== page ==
- Level 2 Core: IP is critical to the SME, but may have factors that impart flexibility in the assessment. This may include “Level 1 Core” patents but would be family members held in a foreign jurisdiction that has lower current and future value, or highly narrow patents that have limited legal and lower business strength.
- Level 3 Non-Core: IP is considered secondary to the businesses success. This may include patents covering non-core or low-volume product lines, or even smaller jurisdictions of future value for the SME even if the technology is considered “core”
- Level 4 Divest: IP considered of value to the market, but little or no value to the SME’s short or long term plans and thus would have out-licence or divestiture value. This may include older innovations the SME has evolved or shifted from, yet the IP remains intact.
- Level 5 Abandon: IP considered if little or no value to the market or the business, or has value but abandoned with intent to ensure others cannot patent the same invention (prior art creation).
Factors in categorization of IP are not always available to give a clear, binary score to each asset. Example factors related to patents to consider may include:
- Contractual rights: Are the patents linked to contractual obligations?
- Strategic intent: is it defensive to retain FTO, offensive for competitive blocking, or a strategically crafted to enable coverage if the market needs shift? Will this patent be needed to defend or enforce against a large competitor who has the capital to weather any economic storm?
- Competitive needs: If competitors are undergoing the same challenges, does the patent still hold the same value for the market?
- Foreign costs: foreign filings and translations can be exponentially expensive, so is there high-cost jurisdictions that do not have the same ROI as others? How does time change this assessment?
- Strength: Not all patents are granted equally. Are the claims very narrow or do the claims have low detectability, and thus legally would be costly to enforce or show infringement? Each SME should have its own internal definition of “patent strength” to enable this factor.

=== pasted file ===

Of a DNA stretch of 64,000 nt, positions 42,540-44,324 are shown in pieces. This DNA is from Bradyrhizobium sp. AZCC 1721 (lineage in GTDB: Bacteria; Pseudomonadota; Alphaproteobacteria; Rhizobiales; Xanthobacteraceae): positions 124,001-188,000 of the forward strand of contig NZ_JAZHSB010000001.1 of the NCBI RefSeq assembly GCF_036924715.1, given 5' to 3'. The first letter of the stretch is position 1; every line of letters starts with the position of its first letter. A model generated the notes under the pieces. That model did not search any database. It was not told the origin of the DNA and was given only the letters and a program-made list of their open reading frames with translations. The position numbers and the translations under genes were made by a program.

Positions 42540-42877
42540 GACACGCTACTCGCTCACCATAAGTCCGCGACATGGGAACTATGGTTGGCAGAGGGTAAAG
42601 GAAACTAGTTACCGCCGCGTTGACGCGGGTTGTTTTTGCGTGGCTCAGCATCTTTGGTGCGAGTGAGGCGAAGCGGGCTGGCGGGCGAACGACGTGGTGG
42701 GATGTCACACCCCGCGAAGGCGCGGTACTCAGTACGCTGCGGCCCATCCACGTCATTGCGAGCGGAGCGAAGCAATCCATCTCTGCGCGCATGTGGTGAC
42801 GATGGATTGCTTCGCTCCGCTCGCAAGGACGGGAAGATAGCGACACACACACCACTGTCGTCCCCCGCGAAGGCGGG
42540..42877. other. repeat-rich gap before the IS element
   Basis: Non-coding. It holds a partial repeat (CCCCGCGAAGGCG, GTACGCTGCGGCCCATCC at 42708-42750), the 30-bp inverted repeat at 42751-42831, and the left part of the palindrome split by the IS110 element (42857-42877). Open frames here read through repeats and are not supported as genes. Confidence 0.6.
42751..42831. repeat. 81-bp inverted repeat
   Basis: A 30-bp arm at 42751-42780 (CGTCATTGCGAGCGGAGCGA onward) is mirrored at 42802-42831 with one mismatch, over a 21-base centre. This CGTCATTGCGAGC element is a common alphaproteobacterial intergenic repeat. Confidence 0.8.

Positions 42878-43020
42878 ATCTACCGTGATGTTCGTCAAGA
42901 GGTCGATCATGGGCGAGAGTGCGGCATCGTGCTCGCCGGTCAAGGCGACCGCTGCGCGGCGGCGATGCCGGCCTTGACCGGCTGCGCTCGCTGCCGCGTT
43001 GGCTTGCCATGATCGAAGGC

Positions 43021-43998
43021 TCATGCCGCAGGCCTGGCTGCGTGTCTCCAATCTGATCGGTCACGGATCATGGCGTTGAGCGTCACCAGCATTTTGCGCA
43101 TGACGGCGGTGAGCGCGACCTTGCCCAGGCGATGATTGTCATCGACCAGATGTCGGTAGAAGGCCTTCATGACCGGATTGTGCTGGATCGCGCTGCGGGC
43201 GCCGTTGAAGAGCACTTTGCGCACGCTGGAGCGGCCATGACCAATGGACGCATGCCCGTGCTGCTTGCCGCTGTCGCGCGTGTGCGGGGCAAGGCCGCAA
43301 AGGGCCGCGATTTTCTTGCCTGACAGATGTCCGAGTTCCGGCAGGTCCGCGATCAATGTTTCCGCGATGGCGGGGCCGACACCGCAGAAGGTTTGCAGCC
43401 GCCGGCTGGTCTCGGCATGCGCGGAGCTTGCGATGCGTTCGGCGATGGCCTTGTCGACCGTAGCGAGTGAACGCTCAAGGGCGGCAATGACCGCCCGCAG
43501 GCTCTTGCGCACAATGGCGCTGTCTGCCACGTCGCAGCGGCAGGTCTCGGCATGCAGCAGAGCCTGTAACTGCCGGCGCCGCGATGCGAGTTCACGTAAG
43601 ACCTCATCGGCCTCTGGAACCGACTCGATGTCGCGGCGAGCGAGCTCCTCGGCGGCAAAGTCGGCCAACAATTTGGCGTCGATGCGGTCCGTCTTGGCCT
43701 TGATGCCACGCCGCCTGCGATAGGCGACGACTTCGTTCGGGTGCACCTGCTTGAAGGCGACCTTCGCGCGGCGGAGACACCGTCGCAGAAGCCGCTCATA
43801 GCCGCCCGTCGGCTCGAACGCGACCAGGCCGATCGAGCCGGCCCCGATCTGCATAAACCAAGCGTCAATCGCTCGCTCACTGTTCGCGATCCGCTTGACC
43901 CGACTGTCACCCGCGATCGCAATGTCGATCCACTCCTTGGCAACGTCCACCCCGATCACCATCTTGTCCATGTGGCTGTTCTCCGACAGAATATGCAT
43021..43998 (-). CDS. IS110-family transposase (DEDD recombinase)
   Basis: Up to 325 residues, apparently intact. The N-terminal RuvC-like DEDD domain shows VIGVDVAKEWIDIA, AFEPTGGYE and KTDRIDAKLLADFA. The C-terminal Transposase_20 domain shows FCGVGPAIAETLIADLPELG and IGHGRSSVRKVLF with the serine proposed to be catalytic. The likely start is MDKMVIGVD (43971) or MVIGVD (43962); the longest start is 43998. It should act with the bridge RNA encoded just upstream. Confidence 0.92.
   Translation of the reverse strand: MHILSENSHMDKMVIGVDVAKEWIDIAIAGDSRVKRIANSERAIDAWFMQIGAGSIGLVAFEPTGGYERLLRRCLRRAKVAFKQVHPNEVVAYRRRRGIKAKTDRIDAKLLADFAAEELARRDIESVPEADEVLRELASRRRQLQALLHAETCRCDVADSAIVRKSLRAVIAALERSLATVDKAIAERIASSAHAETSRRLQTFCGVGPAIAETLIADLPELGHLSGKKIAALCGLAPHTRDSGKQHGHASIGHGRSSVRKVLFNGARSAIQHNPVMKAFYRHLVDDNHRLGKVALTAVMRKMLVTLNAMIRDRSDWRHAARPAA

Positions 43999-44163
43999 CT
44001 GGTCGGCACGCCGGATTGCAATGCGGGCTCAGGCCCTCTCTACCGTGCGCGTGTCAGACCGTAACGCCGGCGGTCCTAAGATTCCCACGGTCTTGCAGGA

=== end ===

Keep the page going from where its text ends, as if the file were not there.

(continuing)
- Use case: What is the use case of the patent, and does it meet the need? Was the asset created to block a specific business, protect core product, or hold future rights for a long term innovation plan? Does this use case still exist, or has it shifted? Is there license opportunity either now or in the future?
- Bundled rights: Is this patent linked with other rights that can be prioritized, including trademarks and trade secrets? This is critical because it allows a SME to consider how a technology or innovation is protected as a whole, and enables better decisions on priority. For example, an core innovation covered by both a trade secret and a patent gives more flexibility to consider divestment of the patent due to lack of funds, than an innovation protected by “1 patent only”.
It will take time and talent, and needs done with at least three complementary views supporting the audit: Business, Technical, and Legal. It is critical that these three views are involved as they will ensure the quality of the asset is considered. For example, a “core” innovation may have business and technical value, but if the legal assessment is weak (meaning for example the patent could be easily worked around) this needs considered. When working capital is short, an IP team or SME needs to be able to identify strong as well as weak IP to help refine the priority list.
For SME’s the output of an IP audit should be a clear picture of rights relative to the organizational goals. A matrix style approach to priority allows a SME to being running scenarios on budget changes (increases, decrease, status quo) as well as market shifts (where to increase efforts, or decrease efforts). If structured successfully this may be embedded into the overall SME’s strategic planning cycles and provide an efficient way of discussing IP impacts with the C-suite.
If an SME’s assets are bundled into one single list, the risks of abandoning a strategic asset is high, as is the risk of missing an opportunity to capitalize on. In summary, an IP audit will help an SME move their IP towards a strategically managed asset that can be shaped based on external market forces or internal cost considerations.
Up next in Part 2, applying IP budgeting to the IP Audit matrix…